Gum Grafting

When recession of the gingiva occurs, the body loses a natural defense against both bacterial penetration and trauma. When gum recession is a problem, gum reconstruction using grafting techniques is an option.

When there is only minor recession, some healthy gingiva often remains and protects the tooth, so that no treatment other than modifying home care practices may be necessary.

However, when recession is deeper, or even reaches the thin, spongy tissue known as mucosa, the first line of defense against bacterial penetration is lost and grafting surgery may be needed to help prevent further recession.  It’s important to understand that as gum recedes the underlying bone also recedes and teeth may become loose as a result of this bone loss.  While not common to lose teeth due to recession, it does occur. Noticeable gum recession also makes it more difficult to keep teeth clean due to the discrepancy in height of gum from the face of the tooth to the gum between teeth or adjacent teeth, creating areas of food and plaque accumulation.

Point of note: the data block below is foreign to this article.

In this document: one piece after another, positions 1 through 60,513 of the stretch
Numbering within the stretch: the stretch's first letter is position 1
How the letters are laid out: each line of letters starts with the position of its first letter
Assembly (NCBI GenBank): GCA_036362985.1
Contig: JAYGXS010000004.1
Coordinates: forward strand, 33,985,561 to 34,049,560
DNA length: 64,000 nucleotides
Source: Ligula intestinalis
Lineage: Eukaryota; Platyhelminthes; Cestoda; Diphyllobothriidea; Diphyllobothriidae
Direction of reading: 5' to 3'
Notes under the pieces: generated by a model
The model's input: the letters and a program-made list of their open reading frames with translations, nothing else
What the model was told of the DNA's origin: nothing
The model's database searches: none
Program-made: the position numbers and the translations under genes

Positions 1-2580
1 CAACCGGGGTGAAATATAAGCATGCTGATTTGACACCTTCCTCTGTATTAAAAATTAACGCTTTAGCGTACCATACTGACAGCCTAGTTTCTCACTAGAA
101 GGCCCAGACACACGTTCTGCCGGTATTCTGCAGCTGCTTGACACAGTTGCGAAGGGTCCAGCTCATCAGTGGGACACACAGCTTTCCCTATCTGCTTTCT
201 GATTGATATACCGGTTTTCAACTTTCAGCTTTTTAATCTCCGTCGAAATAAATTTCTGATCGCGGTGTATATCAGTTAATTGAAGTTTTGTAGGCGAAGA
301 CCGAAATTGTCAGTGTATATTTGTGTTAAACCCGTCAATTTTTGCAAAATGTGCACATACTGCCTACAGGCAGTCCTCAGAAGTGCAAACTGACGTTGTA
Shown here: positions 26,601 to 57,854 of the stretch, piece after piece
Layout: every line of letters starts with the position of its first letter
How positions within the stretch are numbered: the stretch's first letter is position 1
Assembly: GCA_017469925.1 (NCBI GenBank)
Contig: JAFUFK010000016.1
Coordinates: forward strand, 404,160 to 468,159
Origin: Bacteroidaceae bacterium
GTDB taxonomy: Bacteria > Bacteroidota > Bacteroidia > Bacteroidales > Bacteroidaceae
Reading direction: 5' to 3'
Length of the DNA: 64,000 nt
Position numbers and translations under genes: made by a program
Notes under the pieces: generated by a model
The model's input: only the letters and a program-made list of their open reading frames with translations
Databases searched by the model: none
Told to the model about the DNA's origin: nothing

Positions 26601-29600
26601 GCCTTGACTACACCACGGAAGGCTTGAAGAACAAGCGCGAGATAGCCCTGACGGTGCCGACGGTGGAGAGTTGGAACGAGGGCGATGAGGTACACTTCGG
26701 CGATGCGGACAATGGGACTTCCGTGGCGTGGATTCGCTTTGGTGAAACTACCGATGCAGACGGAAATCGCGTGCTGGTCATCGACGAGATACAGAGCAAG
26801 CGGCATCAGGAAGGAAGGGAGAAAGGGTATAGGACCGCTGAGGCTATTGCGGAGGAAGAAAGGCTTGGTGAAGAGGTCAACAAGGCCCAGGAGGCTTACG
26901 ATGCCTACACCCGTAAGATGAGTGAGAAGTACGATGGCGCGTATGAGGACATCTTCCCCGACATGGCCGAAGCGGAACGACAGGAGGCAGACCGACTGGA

Gum recession can also lead to an unsightly smile as teeth appear longer and the gum line develops an uneven appearance from one tooth to the next.

In addition, gum recession often results in root sensitivity to hot and cold foods as well as an unsightly appearance of the gum and tooth. When significant, gum recession can predispose to worsening recession and expose the root surface, which is softer than enamel, leading to root caries and root gouging.

before and after gum grafting

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A gingival graft is designed to solve these problems. A thin piece of tissue is taken from the roof of the mouth or gently moved over from adjacent areas to provide a stable band of attached gingiva around the tooth. The gingival graft may be placed in such a way as to cover the exposed portion of the root.

The gingival graft procedure is highly predictable and results in a stable, healthy band of attached tissue around the tooth.